It’s not all plain sailing, however. Gen AI is still a developing technology and its sudden arrival left little time for banking leaders to prepare their employees, attract new talent, or navigate the risks.According to Forrester, an estimated eight neobanks and two incumbents will experience a Generative AI-related disaster (Forrester). After all, it only takes one rogue employee or a negligent third-party collaborator to expose them to risk – whether breached copyright, leaking customer information, bias-related, or more.

The result is by no means that Gen AI should be avoided. There are many use cases where the technology is proving safe and effective, such as with Unblu’s Conversational AI offering. The GPT integrations allow retail banks to draw on existing knowledge bases with LLMs, use the bot trainer assistant to create better intents, and increase Live Chat efficiency (Unblu).

7. Keeping on top of workforce changes

Recruitment and staff retention remains challenging. There is limited access to technology and analytics professionals equipped with advanced skill sets, exacerbated by the complexities involved in training existing staff to adapt to digital transformation.

Compounding this is the return to the office. Employees, accustomed to the flexibility of remote or hybrid work, are resistant to companies that require full in-person attendance.

Retail banks and credit unions have responded by fostering collaborations with an increased number of digital-first fintech companies while prioritizing up-skilling programs. Despite these initiatives, the search for skilled talent remains a persistent and pressing challenge as we enter 2024 (The Financial Brand).

8. The status of digital transformation

The years of impetus appear to be taking effect and digital transformation in the financial services industry is reaching a stage of maturity. Financial institutions are primarily using their initiatives to increase revenue (77%), but there is also strong emphasis placed on customer experience improvements, cost reduction, increasing operational resilience, and strengthening regulatory compliance. In total over 53% of surveyed decision-makers at banks say their organization is working on improving their digital transformation efforts with advanced technology, up 20% since 2021.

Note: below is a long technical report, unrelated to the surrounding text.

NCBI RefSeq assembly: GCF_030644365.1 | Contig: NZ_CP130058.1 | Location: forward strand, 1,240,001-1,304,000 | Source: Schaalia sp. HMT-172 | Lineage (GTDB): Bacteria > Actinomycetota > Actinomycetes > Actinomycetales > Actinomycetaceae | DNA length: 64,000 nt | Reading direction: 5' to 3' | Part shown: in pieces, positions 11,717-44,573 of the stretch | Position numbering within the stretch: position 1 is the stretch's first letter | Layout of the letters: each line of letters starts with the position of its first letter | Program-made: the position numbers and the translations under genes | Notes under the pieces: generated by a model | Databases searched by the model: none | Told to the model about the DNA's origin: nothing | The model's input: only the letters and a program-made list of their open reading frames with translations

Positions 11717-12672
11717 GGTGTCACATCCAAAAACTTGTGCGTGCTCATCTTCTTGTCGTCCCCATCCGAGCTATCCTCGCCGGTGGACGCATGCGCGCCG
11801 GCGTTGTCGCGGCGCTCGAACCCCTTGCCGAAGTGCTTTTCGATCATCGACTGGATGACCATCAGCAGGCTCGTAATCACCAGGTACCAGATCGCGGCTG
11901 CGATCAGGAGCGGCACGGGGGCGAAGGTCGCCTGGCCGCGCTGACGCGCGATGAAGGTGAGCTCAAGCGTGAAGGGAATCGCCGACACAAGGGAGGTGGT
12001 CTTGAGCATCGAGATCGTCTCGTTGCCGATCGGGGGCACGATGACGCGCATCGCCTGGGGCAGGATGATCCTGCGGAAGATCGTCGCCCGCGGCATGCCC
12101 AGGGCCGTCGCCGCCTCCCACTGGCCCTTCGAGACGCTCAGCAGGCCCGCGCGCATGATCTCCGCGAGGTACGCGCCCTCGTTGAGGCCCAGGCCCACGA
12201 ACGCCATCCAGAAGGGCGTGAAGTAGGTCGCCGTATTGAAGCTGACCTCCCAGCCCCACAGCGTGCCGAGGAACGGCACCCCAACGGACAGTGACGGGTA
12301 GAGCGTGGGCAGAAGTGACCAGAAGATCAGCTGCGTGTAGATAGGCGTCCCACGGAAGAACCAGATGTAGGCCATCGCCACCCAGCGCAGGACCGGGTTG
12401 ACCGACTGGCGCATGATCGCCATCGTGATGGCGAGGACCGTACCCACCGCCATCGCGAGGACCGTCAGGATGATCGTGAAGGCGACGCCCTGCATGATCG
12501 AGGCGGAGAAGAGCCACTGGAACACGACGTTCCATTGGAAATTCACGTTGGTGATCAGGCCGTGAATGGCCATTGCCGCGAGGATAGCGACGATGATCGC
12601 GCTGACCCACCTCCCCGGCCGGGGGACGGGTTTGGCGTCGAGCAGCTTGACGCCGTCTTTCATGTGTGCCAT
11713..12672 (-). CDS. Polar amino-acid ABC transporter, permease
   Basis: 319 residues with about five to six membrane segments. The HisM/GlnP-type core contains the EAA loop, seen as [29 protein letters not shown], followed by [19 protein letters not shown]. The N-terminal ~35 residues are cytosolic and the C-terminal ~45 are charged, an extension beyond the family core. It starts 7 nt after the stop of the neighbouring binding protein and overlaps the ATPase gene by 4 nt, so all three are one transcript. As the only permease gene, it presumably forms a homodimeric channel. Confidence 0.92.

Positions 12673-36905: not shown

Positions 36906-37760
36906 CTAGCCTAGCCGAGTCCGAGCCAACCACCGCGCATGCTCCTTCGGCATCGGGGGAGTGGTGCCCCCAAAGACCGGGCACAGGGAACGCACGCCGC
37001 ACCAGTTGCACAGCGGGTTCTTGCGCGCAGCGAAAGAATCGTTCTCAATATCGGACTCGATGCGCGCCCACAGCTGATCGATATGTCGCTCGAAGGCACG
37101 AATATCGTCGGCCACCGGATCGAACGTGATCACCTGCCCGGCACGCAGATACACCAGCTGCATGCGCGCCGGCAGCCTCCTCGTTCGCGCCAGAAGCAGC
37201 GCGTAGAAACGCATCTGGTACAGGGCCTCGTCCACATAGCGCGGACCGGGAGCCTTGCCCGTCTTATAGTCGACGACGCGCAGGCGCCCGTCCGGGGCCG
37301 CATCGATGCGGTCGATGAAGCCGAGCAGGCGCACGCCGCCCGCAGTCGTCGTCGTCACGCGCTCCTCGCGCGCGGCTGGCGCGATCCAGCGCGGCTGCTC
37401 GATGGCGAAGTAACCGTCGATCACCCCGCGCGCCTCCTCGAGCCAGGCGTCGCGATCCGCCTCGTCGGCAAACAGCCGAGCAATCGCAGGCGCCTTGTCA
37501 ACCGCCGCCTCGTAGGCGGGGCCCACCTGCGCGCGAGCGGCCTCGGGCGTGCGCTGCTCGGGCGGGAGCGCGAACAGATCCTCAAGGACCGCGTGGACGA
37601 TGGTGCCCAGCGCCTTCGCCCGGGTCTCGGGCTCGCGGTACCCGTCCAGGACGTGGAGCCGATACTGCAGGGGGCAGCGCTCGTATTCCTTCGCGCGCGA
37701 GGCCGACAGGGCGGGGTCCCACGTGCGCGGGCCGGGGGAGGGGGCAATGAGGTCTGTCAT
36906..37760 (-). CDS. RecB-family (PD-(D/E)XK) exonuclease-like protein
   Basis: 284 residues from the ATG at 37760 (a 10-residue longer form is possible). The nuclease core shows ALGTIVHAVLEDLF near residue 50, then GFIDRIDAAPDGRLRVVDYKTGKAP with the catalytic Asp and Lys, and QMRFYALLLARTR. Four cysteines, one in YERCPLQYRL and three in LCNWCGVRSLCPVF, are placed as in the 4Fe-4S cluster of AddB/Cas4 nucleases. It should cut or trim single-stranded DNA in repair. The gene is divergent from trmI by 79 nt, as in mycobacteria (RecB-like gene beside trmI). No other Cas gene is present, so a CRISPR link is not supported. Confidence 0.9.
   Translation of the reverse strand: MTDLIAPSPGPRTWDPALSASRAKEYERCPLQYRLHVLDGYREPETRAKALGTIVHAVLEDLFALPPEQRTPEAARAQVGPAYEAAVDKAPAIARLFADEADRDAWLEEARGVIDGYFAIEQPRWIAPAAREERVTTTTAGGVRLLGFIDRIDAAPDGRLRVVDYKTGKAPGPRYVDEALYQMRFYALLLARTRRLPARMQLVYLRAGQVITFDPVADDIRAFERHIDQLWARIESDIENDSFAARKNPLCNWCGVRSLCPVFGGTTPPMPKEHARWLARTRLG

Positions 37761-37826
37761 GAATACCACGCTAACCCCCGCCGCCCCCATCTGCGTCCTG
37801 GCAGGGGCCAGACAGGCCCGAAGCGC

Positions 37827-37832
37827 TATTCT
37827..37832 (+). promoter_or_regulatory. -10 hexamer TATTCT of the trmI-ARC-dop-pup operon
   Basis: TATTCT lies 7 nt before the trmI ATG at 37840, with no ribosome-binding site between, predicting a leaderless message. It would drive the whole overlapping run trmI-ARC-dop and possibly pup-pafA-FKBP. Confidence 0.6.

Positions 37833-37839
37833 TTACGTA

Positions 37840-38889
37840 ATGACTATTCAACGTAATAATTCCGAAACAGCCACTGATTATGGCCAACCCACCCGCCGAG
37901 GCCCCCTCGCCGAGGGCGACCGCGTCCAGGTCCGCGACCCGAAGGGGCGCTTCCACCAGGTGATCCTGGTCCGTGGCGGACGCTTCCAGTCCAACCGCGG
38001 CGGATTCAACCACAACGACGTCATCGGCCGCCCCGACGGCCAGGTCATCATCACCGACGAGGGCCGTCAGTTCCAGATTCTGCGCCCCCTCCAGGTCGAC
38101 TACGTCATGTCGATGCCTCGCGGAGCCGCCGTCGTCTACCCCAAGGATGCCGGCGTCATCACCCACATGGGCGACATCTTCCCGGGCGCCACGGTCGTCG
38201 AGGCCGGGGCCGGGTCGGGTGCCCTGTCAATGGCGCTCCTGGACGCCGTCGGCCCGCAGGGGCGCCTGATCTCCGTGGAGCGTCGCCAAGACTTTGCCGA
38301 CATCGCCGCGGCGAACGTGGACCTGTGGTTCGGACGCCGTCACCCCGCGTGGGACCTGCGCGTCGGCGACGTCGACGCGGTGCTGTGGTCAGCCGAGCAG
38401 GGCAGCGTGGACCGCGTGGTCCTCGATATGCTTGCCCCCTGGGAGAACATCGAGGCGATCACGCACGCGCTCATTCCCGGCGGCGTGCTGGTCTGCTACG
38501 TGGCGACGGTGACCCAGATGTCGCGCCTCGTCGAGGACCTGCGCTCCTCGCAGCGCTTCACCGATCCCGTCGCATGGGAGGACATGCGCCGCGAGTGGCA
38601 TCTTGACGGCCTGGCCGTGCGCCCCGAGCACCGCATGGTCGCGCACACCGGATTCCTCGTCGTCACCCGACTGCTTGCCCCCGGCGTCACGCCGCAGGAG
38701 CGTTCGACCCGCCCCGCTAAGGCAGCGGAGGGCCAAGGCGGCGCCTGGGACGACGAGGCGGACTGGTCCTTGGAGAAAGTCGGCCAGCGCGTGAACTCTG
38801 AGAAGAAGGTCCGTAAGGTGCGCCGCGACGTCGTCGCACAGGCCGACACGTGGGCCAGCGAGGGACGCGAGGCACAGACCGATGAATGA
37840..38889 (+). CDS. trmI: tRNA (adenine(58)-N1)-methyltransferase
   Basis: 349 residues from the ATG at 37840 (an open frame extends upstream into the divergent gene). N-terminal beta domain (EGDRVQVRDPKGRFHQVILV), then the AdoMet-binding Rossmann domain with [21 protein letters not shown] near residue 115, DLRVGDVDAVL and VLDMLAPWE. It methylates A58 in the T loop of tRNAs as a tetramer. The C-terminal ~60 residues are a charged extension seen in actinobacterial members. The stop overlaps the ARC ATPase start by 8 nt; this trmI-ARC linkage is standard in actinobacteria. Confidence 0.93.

53% of bank decision-makers are advancing digital transformation with advanced tech.

With all that said, there are still institutions that are behind where they should be. Shockingly, 1% still claim to not be interested in digital transformation at all and 8% have no plans to implement an initiative. A total of 10% of respondents say they only have planned implementation initiatives, meaning a total of 19% of global banking decision-makers are yet to harness the power of digital transformation in any capacity.

For the 10% that want to implement initiatives but haven’t, 33% claim that the company’s technology strategy represents one of the most challenging aspects of their role. This is accompanied by the related challenges of data and project management, with 29% and 27% reciting these respectively (Forrester).

The year of customer centricity

In 2024, everything comes down to customer centricity in the retail banking industry. However banks decide to approach this, it must fulfill the emotional requirements of the customer base to build deeper relationships based on trust and loyalty.

Looking for more in-depth insight into the retail bank trends set to define 2024?